An improved infrastructure should be provided to the Indian Army and the paramilitary forces to man the area.
According to PTI, on June 3, two helicopters of the People’s Liberation Army (PLA) hovered over the Barahoti bowl in Chamoli district in Uttarakhand.
The news agency reported that the choppers, which returned to the Chinese side after about five minutes, “could have carried out aerial photography of Indian ground troops during what was possibly a reconnaissance mission”.
The choppers were identified as the Zhiba (WZ-9) attack helicopters. Incidentally, on the same day, Lt Gen. He Lei, vice-president of the PLA’s Academy of Military Science addressed the plenary session of the 16th Shangri-La Dialogue in Singapore. He said: “China has always worked to maintain, build and contribute to international and regional peace and has firmly followed the path of peaceful development although it is faced with multiple security challenges.”
Whether it is in the South China Sea (SCS) or Barahoti, the Chinese break the rules that they pretend to uphold; intruding areas, occupying them and later telling the other stakeholders — “let us discuss”. Opponents, facing a fait accompli, are most of the time unable to give a fitting answer (this is even the case of Donald Trump in the SCS).
In the present situation, Chamoli’s superintendent of police, Tripti Bhatt, told a daily that the helicopter(s) entered the Indian airspace from the Tibetan side; however, she refused to confirm that it was a Chinese helicopter. This raises several questions.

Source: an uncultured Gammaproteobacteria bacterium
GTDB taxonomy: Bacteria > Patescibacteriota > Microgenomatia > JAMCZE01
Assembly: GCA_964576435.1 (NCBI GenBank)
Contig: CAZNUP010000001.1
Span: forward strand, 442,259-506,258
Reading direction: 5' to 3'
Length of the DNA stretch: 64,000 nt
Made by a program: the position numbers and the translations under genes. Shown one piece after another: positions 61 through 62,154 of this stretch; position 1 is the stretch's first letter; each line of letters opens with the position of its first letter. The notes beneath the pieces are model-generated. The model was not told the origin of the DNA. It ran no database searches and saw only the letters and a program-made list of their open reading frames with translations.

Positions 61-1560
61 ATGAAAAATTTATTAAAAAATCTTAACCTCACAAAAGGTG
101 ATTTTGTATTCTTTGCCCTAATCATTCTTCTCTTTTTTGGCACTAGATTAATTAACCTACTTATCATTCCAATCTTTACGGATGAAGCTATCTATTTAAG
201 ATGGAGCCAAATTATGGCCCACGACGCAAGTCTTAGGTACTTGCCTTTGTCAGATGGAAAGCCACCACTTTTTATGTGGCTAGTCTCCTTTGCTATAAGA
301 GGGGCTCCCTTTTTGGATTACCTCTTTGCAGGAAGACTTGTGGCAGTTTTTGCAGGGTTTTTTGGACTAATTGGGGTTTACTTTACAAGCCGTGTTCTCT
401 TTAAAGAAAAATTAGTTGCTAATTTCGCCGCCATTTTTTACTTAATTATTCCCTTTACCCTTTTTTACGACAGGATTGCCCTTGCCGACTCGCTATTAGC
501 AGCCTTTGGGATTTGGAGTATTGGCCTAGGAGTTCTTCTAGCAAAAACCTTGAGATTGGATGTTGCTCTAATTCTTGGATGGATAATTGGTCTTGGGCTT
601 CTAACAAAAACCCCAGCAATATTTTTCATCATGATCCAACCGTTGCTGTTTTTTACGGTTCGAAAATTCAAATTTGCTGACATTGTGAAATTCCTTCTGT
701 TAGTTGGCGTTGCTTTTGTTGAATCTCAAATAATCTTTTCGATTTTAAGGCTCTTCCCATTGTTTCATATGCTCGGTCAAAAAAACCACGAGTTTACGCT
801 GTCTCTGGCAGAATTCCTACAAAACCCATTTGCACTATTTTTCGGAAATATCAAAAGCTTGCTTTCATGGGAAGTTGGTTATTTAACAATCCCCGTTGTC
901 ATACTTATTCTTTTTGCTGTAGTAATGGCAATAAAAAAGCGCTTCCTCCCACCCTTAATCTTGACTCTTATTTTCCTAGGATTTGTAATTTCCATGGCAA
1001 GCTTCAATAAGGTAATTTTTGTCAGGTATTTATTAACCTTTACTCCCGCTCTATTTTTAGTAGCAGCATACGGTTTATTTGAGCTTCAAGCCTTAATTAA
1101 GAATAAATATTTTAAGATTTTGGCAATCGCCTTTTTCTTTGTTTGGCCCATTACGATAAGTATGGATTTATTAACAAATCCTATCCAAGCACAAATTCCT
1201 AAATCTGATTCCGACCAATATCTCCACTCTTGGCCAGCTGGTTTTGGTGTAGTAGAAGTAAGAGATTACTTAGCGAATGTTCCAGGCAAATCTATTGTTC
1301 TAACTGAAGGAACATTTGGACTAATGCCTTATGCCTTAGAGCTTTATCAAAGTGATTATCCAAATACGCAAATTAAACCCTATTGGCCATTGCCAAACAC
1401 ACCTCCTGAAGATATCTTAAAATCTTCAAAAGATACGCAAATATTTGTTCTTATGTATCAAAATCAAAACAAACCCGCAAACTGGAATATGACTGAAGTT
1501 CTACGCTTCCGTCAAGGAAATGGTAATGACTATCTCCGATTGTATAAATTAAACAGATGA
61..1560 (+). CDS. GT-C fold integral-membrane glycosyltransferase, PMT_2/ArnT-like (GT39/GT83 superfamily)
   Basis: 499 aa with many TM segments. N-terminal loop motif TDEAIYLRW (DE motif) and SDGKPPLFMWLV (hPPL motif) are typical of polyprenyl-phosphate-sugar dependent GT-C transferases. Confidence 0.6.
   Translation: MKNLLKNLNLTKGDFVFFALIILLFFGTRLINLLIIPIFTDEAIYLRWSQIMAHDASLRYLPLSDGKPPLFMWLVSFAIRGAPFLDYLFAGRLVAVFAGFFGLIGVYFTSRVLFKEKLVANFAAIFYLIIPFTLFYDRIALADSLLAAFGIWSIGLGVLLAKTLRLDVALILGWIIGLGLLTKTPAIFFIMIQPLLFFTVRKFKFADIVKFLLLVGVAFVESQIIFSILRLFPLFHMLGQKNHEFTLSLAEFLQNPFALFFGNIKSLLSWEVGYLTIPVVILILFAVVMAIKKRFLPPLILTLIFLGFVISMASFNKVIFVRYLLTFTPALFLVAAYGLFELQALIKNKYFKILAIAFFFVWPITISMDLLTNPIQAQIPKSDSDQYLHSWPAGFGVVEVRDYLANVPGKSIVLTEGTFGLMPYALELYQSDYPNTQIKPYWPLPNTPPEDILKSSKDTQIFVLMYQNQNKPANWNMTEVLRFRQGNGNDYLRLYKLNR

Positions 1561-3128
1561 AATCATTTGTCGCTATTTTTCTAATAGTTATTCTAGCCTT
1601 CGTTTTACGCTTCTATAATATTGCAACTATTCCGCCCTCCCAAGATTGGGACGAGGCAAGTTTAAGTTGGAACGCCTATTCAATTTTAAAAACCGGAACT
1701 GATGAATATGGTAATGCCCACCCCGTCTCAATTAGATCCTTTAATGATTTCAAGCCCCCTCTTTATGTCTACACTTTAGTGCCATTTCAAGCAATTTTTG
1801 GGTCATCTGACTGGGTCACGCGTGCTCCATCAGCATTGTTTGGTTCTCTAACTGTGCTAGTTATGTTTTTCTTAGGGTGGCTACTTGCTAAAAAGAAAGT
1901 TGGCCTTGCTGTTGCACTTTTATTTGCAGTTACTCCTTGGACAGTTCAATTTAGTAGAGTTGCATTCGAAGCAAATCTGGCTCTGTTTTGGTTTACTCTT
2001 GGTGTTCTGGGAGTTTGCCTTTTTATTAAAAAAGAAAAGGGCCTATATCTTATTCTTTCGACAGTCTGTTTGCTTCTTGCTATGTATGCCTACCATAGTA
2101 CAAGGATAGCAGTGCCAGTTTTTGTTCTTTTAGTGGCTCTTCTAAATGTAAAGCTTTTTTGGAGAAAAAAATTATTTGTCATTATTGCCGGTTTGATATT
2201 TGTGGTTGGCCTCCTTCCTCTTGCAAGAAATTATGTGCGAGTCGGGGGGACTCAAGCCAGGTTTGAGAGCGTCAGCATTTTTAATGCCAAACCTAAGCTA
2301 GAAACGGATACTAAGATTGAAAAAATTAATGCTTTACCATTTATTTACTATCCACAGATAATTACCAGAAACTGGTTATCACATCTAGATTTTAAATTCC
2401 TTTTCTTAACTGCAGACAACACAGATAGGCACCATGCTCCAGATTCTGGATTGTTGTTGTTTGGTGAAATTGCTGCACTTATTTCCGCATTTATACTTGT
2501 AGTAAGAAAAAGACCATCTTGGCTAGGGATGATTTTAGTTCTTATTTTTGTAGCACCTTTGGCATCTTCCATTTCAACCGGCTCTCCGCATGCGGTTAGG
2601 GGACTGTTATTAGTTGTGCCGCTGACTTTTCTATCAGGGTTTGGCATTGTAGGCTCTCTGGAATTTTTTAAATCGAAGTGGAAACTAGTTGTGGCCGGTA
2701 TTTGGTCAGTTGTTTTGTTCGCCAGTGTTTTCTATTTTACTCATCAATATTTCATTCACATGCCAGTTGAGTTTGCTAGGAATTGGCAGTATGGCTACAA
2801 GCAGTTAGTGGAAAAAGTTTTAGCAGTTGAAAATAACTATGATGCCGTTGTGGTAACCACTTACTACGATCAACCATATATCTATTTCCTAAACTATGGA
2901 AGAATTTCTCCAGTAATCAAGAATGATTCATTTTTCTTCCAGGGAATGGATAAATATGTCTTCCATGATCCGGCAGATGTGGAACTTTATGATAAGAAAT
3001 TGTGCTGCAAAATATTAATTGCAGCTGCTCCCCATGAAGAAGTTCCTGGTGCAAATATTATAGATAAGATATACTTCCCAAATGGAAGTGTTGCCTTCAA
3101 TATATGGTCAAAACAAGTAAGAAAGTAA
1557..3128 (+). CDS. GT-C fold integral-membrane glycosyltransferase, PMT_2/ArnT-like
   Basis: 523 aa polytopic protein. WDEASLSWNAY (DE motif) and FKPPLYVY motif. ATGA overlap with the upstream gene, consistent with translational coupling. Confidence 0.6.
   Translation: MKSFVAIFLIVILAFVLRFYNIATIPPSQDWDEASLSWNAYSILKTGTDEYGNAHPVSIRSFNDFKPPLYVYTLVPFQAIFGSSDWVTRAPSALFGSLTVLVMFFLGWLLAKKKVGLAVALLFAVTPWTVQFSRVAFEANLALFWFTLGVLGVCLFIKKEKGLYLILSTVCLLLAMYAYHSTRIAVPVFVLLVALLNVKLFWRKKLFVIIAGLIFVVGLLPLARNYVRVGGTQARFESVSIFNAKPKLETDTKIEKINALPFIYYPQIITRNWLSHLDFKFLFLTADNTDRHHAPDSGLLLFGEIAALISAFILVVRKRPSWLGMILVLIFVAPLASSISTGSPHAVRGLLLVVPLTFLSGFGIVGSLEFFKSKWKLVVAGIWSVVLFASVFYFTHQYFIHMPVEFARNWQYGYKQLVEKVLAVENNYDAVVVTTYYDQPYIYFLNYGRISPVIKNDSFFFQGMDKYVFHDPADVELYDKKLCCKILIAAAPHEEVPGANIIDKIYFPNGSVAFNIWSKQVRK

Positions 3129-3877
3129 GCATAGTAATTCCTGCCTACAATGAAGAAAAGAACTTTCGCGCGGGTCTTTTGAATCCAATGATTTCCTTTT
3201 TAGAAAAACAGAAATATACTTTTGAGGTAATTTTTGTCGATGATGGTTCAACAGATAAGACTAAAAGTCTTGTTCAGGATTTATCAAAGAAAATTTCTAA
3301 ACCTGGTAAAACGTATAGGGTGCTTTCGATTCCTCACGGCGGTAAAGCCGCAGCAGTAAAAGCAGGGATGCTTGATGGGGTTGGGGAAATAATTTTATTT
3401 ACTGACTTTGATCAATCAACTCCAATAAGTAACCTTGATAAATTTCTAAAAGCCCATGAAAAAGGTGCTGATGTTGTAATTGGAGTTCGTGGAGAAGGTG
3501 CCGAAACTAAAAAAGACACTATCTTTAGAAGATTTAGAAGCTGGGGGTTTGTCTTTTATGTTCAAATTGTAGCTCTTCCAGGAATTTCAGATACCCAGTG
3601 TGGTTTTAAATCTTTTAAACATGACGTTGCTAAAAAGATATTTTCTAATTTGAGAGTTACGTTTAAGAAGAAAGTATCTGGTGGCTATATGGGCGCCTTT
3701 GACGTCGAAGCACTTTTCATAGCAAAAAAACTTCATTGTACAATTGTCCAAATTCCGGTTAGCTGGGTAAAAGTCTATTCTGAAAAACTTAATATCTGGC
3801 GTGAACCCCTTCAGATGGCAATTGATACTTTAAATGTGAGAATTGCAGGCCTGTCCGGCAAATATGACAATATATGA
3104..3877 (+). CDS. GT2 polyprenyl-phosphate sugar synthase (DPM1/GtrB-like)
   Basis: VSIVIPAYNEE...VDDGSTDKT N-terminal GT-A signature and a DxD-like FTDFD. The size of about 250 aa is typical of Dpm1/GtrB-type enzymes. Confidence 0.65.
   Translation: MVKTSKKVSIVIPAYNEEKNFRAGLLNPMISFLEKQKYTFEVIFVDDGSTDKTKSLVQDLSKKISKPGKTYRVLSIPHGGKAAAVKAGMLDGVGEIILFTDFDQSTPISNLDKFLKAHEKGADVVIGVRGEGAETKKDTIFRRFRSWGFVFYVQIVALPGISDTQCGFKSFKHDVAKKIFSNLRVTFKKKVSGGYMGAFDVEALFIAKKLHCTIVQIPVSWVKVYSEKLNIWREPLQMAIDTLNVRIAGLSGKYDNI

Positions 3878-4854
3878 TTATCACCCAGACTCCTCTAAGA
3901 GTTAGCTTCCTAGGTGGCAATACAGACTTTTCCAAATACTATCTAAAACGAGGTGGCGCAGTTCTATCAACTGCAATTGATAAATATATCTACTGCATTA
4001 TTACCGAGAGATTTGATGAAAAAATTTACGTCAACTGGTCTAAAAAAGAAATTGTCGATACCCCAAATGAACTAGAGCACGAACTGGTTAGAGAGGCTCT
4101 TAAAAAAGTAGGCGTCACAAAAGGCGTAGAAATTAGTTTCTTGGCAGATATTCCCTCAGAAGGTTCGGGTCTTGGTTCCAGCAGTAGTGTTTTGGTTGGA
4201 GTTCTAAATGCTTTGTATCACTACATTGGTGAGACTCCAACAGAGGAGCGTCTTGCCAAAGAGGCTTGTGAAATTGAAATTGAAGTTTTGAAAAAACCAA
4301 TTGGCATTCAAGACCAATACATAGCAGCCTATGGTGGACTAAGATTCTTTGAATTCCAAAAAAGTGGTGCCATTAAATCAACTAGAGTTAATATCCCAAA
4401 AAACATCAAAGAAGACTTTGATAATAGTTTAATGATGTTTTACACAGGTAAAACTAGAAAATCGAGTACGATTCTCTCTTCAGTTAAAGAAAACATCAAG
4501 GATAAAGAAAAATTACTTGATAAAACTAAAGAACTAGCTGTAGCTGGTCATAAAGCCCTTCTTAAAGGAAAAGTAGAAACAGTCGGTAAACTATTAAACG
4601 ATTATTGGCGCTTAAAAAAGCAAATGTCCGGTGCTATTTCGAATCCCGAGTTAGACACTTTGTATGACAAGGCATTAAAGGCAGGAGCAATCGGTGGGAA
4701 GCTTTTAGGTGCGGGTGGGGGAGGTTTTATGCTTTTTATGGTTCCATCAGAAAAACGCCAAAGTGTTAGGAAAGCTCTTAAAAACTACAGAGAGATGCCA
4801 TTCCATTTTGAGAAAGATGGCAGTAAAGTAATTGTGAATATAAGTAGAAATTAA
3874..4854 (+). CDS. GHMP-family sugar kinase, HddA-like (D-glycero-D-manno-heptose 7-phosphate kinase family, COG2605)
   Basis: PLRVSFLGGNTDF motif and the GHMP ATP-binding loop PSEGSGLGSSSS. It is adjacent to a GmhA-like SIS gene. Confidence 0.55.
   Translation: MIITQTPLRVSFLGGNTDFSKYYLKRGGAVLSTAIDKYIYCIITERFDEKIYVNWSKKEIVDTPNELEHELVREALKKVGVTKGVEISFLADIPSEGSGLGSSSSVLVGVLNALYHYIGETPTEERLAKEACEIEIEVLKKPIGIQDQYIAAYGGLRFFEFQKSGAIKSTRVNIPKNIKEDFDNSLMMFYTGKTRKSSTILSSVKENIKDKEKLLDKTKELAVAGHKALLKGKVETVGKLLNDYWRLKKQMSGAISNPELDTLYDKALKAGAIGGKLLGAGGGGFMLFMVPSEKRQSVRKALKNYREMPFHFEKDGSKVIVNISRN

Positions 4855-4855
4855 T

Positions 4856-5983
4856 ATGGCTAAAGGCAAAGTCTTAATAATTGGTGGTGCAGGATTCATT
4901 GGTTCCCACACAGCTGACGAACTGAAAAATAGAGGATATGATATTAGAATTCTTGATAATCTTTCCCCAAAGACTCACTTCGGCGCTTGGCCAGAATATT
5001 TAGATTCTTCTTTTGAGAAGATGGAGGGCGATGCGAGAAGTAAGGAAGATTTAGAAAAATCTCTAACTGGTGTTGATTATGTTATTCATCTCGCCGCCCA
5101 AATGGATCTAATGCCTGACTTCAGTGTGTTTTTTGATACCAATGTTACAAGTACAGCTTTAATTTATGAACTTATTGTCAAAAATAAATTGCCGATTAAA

First, for such sensitive issues, there should be only one spokesperson, whether from the defence ministry or the Indo-Tibet Border Police (ITBP) who gives factual information to the press.
Second, photos or videos should be provided to the media, which hopefully can help the Indian public to better understand what China does.
Third, an improved infrastructure should be provided to the Indian Army and the paramilitary forces to man the area. The aggression is the result of neglect of the Himalayan frontier shared with China for the past 60 years.
Finally, there are no “minor” issues when the Indian borders are concerned. Barahoti, which witnessed the first Chinese intrusions on Indian soil in 1954 is indeed a telling case.
Every summer, the Indian media cries foul. “The Chinese have come again”; “The Chinese Dragon struck again”, screamed reports originating from this “inaccessible” part of Uttarakhand.
Last year, a national daily reported: “It all began on July 22, when an Indian team of 19 civilians led by a sub-divisional magistrate first entered into the area in Barahoti. …Three days later for the first time, China sent a helicopter to the area.”
The Government of India, as usual, played down the incident. As a result, this year, two choppers have come, and next year more will come.
Last year, another serious issue cropped up. As per an agreed protocol signed in 2005 and reiterated in 2013 with China, the ITBP personnel were not carrying firearms, while the Chinese were carrying arms and wearing uniforms.
But how did the story start? In July 1952, in a secret note, the Intelligence Bureau described the topography of the Himalaya in this area: “The Garhwal-Tibet border can only be crossed through the Mana and Niti Valleys where there are open places and habitation, while the rest of the border area consists of snow-covered mountains studded with glaciers. …There are four passes between Niti Valley and Tibet”. One of them was Tunjun-la, north of Barahoti.